THE BLOG
10/03/2013 10:39 am ET | Updated Jan 23, 2014

Exploring the Arts

I happen to be one of those lucky people who can honestly say that dreams do come true. Being able to work with my husband, Tony Bennett, has been one such dream. Together we founded a nonprofit organization, Exploring the Arts (ETA), to transform the lives of young people through arts education. After more than a decade in New York City, where we have supported the arts programs in 14 public high schools, Tony and I are celebrating ETA's expansion this year to three additional schools in Los Angeles -- another dream come true.

On this occasion of our nonprofit's expansion, at the start of another school year, I find myself reflecting on the quality education our nation's children deserve. Naturally, testing and standards will come up, but when they do let us not forget the arts -- those subjects that excite our students, sparking in them a desire to explore, create, contribute and leave their mark.

As a former public school history teacher and the wife of an artist, I understand firsthand the value of an arts education for our students, as well as the important role artists play in our society.

Tony is not only an accomplished singer and painter, he is also a humanitarian. He is an activist for peace and equality. From marching for civil rights with the great Dr. King 50 years ago in our nation's capital, to raising money for public school arts programs, to joining the fight to end our growing epidemic of gun violence, Tony's devotion to social justice and "giving back" is born of a profound and special empathy.

The arts teach empathy. The arts express and evoke emotion, enabling us to feel how others feel and find common ground. The arts help eliminate prejudice by encouraging multiple perspectives. And of course, the arts entertain -- they can be fun!

When the arts are taught in schools, great things happen: Young people are excited for school each day. They discover new joy and confidence as they develop their creativity. School communities are transformed, as students are able to work collaboratively and celebrate the creativity and accomplishments of their peers. A growing body of research demonstrates that students perform better in their more standard academic subjects.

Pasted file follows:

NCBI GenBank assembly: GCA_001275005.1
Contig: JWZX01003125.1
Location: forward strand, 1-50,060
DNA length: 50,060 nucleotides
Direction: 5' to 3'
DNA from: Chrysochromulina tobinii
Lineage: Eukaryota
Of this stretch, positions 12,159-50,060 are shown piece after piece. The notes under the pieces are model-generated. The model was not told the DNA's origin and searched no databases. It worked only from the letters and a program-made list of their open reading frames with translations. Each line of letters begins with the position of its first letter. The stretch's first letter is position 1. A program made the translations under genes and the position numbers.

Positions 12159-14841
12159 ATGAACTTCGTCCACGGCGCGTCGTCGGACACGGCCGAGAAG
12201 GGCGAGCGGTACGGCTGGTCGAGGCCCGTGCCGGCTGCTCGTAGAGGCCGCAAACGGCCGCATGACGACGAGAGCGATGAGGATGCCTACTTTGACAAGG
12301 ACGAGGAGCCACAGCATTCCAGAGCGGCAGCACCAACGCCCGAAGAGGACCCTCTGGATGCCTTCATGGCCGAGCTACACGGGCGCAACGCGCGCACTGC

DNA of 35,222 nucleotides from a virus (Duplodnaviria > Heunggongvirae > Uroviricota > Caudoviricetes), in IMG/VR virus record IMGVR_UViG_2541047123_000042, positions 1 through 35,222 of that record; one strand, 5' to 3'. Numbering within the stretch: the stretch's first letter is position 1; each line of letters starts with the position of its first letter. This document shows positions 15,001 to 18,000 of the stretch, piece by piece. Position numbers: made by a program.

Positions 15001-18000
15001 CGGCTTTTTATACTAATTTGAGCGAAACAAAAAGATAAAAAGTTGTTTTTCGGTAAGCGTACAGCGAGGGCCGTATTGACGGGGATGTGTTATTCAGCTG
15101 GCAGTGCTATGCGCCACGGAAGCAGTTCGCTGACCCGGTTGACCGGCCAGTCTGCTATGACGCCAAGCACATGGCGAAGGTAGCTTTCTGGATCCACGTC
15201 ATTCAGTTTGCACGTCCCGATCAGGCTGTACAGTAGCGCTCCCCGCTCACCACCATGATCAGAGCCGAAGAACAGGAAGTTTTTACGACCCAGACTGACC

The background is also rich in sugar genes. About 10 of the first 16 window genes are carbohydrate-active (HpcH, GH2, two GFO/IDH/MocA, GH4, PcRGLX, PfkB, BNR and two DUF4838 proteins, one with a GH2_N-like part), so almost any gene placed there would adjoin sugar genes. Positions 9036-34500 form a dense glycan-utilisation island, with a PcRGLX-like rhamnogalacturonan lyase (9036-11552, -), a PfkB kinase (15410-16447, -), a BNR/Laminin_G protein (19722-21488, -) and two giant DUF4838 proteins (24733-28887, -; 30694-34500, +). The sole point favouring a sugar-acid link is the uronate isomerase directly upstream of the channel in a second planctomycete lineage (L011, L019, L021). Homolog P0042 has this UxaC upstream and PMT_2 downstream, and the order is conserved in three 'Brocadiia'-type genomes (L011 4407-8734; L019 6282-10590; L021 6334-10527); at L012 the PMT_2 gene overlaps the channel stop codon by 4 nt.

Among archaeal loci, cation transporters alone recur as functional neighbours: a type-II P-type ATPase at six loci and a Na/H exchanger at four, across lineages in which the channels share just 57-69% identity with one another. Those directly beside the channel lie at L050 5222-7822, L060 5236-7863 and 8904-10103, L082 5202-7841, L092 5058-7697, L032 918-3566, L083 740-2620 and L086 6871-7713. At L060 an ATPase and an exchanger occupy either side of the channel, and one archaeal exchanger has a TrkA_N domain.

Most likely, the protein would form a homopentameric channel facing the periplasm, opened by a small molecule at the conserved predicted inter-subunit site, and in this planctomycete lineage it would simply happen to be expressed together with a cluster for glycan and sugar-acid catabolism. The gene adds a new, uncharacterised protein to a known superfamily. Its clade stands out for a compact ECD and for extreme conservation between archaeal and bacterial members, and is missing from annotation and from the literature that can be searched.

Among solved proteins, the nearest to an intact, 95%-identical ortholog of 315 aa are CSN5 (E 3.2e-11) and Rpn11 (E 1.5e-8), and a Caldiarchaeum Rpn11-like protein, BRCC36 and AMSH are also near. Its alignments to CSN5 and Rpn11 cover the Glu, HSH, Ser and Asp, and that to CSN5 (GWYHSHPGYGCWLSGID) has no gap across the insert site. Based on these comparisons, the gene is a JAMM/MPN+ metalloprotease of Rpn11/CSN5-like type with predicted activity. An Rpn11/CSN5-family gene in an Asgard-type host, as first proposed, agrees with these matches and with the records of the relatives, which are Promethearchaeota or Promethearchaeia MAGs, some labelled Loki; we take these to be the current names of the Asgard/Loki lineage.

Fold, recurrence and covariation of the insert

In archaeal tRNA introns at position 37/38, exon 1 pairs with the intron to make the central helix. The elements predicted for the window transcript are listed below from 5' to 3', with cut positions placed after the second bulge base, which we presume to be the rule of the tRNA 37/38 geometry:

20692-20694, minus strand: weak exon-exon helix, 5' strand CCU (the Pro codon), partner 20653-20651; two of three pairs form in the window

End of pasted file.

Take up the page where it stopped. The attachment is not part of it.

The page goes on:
True learning is developing the ability to make connections, to think critically, and to interpret. When a child can understand line and form in a poem, then relate that to line and form in a painting, or in music, a creative thinker emerges.

I know all of this to be true because I have witnessed it firsthand at the public arts high school I founded with my husband, Tony Bennett, which we proudly named in his best friend's honor. The students at Frank Sinatra School of the Arts in Astoria, Queens eagerly attend school each day because of a curriculum that offers majors in theatre, film, dance, music and art. They are actively engaged in their schooling, inspired and empowered by their learning.

The success of Frank Sinatra School of the Arts drove our decision to expand Exploring the Arts to serve 16 additional public high schools throughout New York City and Los Angeles. ETA works collaboratively with our Partner Schools to help them build sustainable, quality arts programs by providing strategic planning and funding support. We intentionally expanded to schools serving low-income students, for whom the "achievement gap" is all-too real. While we know that an arts-enriched curriculum will not enable these schools to surmount every challenge they face, we fully believe in the arts' ability to inspire student engagement and build community within these schools.

Not every child will possess a natural talent for painting or piano. Even those who do may still opt not to pursue a life in the arts, but they will have had the opportunity to experience all of the pleasure and pride that accompanies creating and presenting artworks. They will have gained greater confidence in their voices. And most important of all: They will have nurtured an empathy for others that is arguably the single most important "skill" we should hope they carry with them as adults into this increasingly globalized and complex modern world.